(78) Among those men you will find no makers of arrows, javelins, swords, helmets, breastplates, shields; no makers of arms or of military engines; no one, in short, attending to any employment whatever connected with war, or even to any of those occupations even in peace which are easily perverted to wicked purposes. For they are utterly ignorant of all business and of all commercial dealings, and of all sea trade, but they repudiate and keep aloof from everything which can possibly afford any inducement to covetousness. (79) There is not a single slave among them, but they are all free, aiding one another with a reciprocal interchange of services. They condemn the owner of slaves not only as unjust, inasmuch as they corrupt the very principles of equality, but likewise as impious, because they annul the ordinances of nature which created them all equally and brought them up like a mother, as if they were all legitimate brethren, not in name only, but in reality and truth.

But in their view this natural relationship of all men to one another has been thrown into disorder by scheming covetousness, continually wishing to surpass others in good fortune, which has therefore engendered alienation instead of affection, and hatred instead of friendship. (80) Leaving the logical part of philosophy, as in no respect necessary for the acquisition of virtue, to the word-catchers, and the natural part, as being too sublime for human nature to master, to those who love to converse about high objects (except indeed so far as such a study takes in the contemplation of the existence of God and the creation of the universe), they devote all their attention to the moral part of philosophy, using as instructors the laws of their fathers which it would have been impossible for the human mind to devise without divine inspiration.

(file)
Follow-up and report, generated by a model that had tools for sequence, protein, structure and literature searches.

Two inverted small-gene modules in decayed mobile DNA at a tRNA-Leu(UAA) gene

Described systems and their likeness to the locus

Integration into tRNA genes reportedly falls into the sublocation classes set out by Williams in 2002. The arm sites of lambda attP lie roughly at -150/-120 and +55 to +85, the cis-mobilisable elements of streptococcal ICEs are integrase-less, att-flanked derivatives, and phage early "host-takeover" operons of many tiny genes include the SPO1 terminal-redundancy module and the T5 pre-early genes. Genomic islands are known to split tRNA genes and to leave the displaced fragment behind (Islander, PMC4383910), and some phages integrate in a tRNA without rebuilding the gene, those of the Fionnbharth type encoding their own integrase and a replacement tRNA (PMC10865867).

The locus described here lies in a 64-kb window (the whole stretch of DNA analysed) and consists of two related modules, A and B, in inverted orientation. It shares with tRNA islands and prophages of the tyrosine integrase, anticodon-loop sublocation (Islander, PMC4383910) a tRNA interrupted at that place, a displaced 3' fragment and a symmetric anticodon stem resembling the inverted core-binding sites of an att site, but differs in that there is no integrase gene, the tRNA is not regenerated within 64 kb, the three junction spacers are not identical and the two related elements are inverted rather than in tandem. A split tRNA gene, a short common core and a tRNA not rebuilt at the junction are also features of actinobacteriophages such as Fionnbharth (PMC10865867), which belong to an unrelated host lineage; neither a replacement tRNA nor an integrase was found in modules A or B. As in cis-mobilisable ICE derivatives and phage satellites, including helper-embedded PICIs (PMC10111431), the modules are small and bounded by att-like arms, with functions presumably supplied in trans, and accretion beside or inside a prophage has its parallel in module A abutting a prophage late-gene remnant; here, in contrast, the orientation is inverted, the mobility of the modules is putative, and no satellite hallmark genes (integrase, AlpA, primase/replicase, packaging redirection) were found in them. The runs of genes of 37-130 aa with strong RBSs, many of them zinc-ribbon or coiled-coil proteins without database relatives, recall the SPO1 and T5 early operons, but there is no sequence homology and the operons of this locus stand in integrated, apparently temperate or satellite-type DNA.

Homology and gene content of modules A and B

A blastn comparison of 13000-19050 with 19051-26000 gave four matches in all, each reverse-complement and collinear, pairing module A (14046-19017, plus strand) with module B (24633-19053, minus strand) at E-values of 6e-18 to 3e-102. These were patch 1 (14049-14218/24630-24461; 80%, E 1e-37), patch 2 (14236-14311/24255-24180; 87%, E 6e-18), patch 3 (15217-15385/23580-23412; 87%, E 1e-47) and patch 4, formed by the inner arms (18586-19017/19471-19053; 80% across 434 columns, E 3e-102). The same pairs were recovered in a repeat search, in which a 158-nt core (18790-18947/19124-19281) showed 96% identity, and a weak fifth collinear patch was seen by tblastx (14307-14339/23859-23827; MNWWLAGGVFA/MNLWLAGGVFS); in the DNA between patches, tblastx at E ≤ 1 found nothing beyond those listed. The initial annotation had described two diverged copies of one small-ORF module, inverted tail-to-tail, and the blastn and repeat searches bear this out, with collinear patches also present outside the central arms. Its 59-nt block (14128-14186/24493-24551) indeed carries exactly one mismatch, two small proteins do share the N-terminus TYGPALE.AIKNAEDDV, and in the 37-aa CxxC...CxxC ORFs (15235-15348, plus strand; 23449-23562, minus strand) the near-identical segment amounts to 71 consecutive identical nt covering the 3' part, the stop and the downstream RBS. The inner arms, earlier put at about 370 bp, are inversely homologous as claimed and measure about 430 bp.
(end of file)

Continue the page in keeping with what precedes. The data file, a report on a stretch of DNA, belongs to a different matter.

(81) Now these laws they are taught at other times, indeed, but most especially on the seventh day, for the seventh day is accounted sacred, on which they abstain from all other work and frequent the sacred places which are called synagogues. There they sit according to their age in classes, the younger sitting below the elder and listening with eager attention. (82) Then one, indeed, takes up the books and reads them, and another of the men of the greatest experience comes forward and explains what is not very intelligible, for a great many precepts are delivered in enigmatic modes of expression, and allegorically, as the old fashion was. (83) Thus the people are taught piety, holiness, justice, economy, the science of regulating the state, and the knowledge of such things as are naturally good, bad, or indifferent, and to choose what is right and to avoid what is wrong, using a threefold variety of definitions, rules, and criteria, namely, the love of God, the love of virtue, and the love of mankind.